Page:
Forget high-level discussions regarding a longer school day, teacher tenure and national initiatives like Race to the Top. Ravenswood Elementary, 4332 N. Paulina St., has a more pressing concern: The school is running out of copy paper.
If Brian Ban, a neighborhood resident for 10 years, is elected as a community representative to the school’s Local School Council, his primary focus will be to make neighbors aware of what’s going on in their own back yard. “I’d send out an S.O.S.: ‘We need paper.’”
A member of the 47th Ward’s Center47 block club, Ban is convinced area residents would be more than willing to help the school, if only they were asked or knew how to help. “There’s very little outreach outside ‘Friends of...,’” he said. “We had the LSC [candidate] forum and I asked, ‘Do you go out to neighborhood groups? Do you get on the agenda and ask, What can your group do to help us?’”
Having formerly worked in corporate relations, Ban sees the need for a communications strategy that would better connect Ravenswood to its neighbors, particularly at a time when the school is being challenged to do more with less.
Though not as lauded as fellow elementary schools in the ward such as Bell or Coonley, Ravenswood has quietly become one of CPS’ best-kept secrets; in a show of confidence, the principal enrolls her own children at the school. Ranked a Level 2 school of “good” standing (Level 1 is “excellent”), the school has gained a reputation for its emphasis on small class size and its curriculum, which, as a fine and performing arts magnet cluster, supports artistic as well as academic achievement.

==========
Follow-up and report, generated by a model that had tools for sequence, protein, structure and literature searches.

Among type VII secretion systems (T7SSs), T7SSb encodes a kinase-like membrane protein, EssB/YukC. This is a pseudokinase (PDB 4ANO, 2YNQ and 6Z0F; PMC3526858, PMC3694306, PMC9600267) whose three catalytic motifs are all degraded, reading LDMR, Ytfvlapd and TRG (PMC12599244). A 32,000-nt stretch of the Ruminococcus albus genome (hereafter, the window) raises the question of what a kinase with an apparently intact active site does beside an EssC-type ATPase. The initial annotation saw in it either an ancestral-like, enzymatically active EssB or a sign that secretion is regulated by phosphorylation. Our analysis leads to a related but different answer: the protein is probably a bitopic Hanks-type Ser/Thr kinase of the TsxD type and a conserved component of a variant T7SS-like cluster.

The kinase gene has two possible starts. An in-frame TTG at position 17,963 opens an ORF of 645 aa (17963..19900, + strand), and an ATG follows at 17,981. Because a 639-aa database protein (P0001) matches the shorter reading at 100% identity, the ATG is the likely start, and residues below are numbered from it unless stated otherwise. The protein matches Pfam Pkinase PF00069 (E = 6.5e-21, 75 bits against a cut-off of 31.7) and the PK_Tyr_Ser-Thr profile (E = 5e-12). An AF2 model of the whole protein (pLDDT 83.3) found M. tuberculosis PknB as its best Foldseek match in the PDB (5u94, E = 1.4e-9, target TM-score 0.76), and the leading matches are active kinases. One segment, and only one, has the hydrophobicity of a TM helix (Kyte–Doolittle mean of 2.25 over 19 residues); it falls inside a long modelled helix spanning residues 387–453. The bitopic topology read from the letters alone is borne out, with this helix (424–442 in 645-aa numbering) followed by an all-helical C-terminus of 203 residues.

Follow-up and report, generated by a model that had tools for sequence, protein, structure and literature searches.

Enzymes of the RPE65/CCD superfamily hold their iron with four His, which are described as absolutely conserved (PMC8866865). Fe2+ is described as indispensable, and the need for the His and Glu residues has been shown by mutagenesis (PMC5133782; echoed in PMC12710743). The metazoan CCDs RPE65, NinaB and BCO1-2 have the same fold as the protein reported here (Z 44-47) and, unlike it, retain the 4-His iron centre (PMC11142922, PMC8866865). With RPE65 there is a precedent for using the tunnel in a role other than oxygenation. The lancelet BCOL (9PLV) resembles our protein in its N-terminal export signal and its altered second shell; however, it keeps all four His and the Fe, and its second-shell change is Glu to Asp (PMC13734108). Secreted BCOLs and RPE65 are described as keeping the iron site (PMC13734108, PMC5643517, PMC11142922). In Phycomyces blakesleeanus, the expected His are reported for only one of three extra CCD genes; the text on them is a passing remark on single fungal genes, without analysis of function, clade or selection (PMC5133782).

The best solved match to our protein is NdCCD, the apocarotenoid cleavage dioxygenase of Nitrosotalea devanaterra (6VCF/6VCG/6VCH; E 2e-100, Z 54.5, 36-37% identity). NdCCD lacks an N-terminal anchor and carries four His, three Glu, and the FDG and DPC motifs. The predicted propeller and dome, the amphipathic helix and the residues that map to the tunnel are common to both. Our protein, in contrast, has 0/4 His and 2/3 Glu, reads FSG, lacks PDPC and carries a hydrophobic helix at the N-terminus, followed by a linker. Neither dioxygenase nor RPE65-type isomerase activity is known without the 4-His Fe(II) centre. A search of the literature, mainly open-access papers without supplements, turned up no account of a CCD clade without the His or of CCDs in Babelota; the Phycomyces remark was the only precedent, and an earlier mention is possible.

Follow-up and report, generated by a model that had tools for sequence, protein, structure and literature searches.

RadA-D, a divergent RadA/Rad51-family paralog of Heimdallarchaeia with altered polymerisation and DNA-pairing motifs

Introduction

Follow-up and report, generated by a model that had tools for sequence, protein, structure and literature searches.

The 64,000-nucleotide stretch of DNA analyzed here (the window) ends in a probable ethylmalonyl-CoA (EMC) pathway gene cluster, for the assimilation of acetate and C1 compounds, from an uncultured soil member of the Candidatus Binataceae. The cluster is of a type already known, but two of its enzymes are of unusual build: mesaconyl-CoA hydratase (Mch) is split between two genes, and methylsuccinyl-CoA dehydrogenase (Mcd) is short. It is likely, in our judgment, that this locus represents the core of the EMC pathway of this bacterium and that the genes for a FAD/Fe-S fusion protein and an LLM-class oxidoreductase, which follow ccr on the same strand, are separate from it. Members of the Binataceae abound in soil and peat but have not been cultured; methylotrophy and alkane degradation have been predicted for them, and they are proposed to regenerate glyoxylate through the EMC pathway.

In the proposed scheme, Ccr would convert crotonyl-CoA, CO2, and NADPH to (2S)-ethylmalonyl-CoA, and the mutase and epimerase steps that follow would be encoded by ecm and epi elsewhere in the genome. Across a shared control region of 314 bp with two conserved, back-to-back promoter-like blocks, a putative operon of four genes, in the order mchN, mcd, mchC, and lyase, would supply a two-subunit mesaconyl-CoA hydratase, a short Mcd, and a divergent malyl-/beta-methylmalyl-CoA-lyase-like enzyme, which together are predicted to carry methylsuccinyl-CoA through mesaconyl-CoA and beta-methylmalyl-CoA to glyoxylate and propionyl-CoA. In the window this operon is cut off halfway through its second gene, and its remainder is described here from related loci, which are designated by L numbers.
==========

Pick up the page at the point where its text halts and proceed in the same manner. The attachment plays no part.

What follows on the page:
But this steady improvement has resulted in growing pains. “I think we’re going to need [an annex],” said Edie Babbitt, mom to a kindergartner at Ravenswood, where she’s running for parent representative on the LSC. Each grade will have two classes next year and the school’s multi-purpose room, dubbed the “cafegymatorium,” is taxed to the limit.
“You need more money to expand the school,” said Mike Brandfon, also a community candidate for LSC. “Parents are involved, doing whatever they can, but parents are not enough, with diminishing funds.”
As fewer low-income students enroll at Ravenswood, the school loses the money attached to those children. According to Ban, this shortage could reach $200,000 in the 2012-13 school year. “They have big challenges; you need big solutions.”
LSC elections for elementary schools will be held April 18, 6 a.m. to 7 p.m., at each school. All residents, not just parents, are eligible to vote at their neighborhood school.